Emotional attachment is similar.  It is worth asking what each of us would save in the 5 minutes before a fire consumed our home. Those items are likely to be the most emotionally important items, and the rest are nice, comforting even, but not essential to our being. Again, this returns to our own values – what is most important in our lives and is that truly represented by objects or does it lie within ourselves and our remembered experiences? But even for truly sentimental items, we can still ask – If we lost the photos of our father who has passed away, does that erase our memory of him and his influence on our lives?

~ What is the best way for people with a friend or family member who has a hoarding problem to approach the situation? What should they do or not do?

There is no simple answer except that an accusatory, critical and hostile tone won’t lead to change and is likely only to provoke anger and refusal to change. Calm, quiet, honest questions about what the loved one needs in order to reduce clutter is a great approach, but still might not yield any movement if the person is not convinced they need to change. If the situation is dangerous – the home is unsanitary, the clutter could easily cause a serious fall or a fire – the family member must seek help from authorities who are familiar with hoarding and can be thoughtful in requiring specific changes for safety’s sake.  The goal here is harm reduction first. If there is no major safety risk but the clutter is unacceptable to the family member, she or he will need to ask for specific actions and reasonable timeframes and indicate the benefits and the consequences of making or not making the change. This process may well require help from a professional, as it is not easy to decide what’s fair and reasonable in such situations.  I highly recommend Tompkins and Hartl’s book Digging Out intended for family members with a loved one who is very reluctant to change hoarding behaviors.

Thank you, Dr. Steketee, for sharing your insights into hoarding with us.

Linda Hetzer is an editor and author of books on home designcrafts, and food, and coauthor of Moving On: A Practical Guide to Downsizing the Family Home

Downsizing the Family Home: Can We Talk?

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“The holiday season presents families with an excellent opportunity to have “the conversation.” The one no one really wants to have, but everyone needs to have sooner or later. The conversation that starts with: “What are we going do with all this stuff?!…” Read more here:

 

The Paper Chase: Decluttering

paper cartoonhttp://www.digitalbloggers.com

Having too much paper is a common complaint. It’s something that we all have too much of.

I have a pile of papers next to my computer that needs to be sorted and I decided it would be helpful to take a look at this paper in a somewhat different way: by hierarchy, subject matter, and filing system.

We all impose a hierarchy on paper, often without realizing it. When we buy groceries with cash, the receipt goes in the trash. When we use a credit card, we save the receipt until the end of the month to reconcile it with the credit card statement. When we sort mail, the junk mail goes in the trash but the bills get top priority. How can I create a hierarchy for the items in my pile of papers?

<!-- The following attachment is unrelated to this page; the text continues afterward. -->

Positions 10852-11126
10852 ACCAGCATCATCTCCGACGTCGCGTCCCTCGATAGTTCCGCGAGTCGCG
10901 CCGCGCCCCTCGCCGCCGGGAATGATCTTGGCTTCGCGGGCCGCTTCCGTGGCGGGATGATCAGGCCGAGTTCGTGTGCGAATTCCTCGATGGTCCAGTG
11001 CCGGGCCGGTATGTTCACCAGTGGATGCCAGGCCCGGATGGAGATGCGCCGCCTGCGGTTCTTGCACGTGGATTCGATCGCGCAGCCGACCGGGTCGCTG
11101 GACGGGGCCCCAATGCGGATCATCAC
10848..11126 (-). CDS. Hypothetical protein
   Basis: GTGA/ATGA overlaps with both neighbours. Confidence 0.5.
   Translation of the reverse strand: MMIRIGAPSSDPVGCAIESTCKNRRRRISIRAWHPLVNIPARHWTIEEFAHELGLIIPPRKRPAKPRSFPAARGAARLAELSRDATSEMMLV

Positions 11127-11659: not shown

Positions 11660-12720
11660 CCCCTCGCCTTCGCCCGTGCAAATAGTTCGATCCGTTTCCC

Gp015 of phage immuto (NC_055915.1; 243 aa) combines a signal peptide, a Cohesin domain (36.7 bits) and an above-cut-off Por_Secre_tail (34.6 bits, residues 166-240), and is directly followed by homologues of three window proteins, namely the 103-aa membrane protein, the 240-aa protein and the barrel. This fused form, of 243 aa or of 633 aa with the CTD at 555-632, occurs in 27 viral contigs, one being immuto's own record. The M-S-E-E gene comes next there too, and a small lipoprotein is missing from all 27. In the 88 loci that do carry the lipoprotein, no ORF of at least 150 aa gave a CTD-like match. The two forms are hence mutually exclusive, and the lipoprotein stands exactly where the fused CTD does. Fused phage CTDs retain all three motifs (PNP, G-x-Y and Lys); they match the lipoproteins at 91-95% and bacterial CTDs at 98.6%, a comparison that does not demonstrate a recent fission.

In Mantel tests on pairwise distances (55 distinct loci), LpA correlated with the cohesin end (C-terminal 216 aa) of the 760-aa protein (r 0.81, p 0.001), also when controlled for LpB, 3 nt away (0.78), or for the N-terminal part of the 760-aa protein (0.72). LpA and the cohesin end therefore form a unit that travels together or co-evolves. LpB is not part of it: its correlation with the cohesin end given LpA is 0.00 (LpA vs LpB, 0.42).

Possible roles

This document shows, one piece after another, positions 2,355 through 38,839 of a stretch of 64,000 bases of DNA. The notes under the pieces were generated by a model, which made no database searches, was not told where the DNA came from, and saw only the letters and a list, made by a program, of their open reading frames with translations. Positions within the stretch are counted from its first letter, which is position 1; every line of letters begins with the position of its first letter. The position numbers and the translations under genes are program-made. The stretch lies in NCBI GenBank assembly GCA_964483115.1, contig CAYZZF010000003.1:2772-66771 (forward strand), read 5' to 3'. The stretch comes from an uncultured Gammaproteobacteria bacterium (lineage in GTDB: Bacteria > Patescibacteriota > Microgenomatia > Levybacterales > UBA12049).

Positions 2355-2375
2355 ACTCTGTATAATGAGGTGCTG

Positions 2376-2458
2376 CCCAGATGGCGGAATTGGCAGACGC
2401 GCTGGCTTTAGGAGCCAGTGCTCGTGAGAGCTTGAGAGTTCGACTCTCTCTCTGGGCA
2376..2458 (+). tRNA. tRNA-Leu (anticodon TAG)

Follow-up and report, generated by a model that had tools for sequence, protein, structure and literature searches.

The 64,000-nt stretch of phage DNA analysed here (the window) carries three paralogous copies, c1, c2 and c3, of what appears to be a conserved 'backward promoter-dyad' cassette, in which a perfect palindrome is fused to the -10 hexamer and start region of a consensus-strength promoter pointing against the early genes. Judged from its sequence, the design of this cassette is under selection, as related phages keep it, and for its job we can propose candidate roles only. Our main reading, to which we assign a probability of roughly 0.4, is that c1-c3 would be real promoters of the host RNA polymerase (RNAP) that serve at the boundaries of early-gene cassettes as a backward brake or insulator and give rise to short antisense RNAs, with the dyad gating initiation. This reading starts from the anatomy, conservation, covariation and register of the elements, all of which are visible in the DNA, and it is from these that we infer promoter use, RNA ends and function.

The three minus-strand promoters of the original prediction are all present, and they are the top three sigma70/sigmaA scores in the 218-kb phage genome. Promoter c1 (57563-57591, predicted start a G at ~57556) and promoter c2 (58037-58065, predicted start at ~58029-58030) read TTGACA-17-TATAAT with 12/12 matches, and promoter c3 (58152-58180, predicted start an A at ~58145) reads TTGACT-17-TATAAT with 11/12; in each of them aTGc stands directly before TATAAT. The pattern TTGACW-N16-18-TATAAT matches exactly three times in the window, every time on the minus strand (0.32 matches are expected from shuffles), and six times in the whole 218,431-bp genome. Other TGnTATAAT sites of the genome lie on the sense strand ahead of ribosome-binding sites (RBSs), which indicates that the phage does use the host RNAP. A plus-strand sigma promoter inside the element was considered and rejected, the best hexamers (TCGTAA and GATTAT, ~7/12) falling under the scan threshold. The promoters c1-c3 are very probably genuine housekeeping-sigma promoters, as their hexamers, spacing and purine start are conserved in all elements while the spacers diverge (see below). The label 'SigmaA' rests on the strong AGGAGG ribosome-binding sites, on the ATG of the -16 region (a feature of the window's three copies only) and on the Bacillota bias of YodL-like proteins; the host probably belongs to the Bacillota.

It may sound like a no-brainer that we need to divide our paper by subject matter to make the pile more approachable and the sorting more doable. Yes, it’s easier to sort through and prioritize the papers, if we separate them by subject: health, financial, credit cards, insurance. How many categories and subcategories do I need?

Filing systems are good. But everyone’s brain, their memory, the intuitive way we understand things, works differently. A system that works for a professional organizer might not be right for me, my system might not work for you, your system might not work for your sister. How do I create a system that works for me (so I’ll be more likely to actually use it)?

Here are a few articles that offer help for paper clutter.

Curb Paper Clutter at Home This article has a very helpful way of going about curbing the buildup of paper clutter in your home, depending on whether you are a “filer” or a “piler.”

How To: 4 Steps to Less Paper Clutter Here organizing expert Carol Keller shares her four-step plan for having less paper: analyze, sort and purge, classify and label, create a regular decluttering routine.

10 Best Tips for Organizing Paper Clutter This article has some good suggestions for how to approach the problem proactively by choosing to go paperless for bills, and getting yourself off the junk mail lists.

What Documents to Keep, What You Can Toss This is a helpful list of what household papers to keep and for how long and, most importantly, when you can toss them.

The takeaway:

* Get rid of as much paper as possible (don’t bring it into your home at all, toss before you enter, go paperless).

* Create a system for keeping the papers that works for you.

* Declutter regularly.

* Revisit your system, as needed.

Linda Hetzer is an editor and author of books on home designcrafts, and food, and coauthor of Moving On: A Practical Guide to Downsizing the Family Home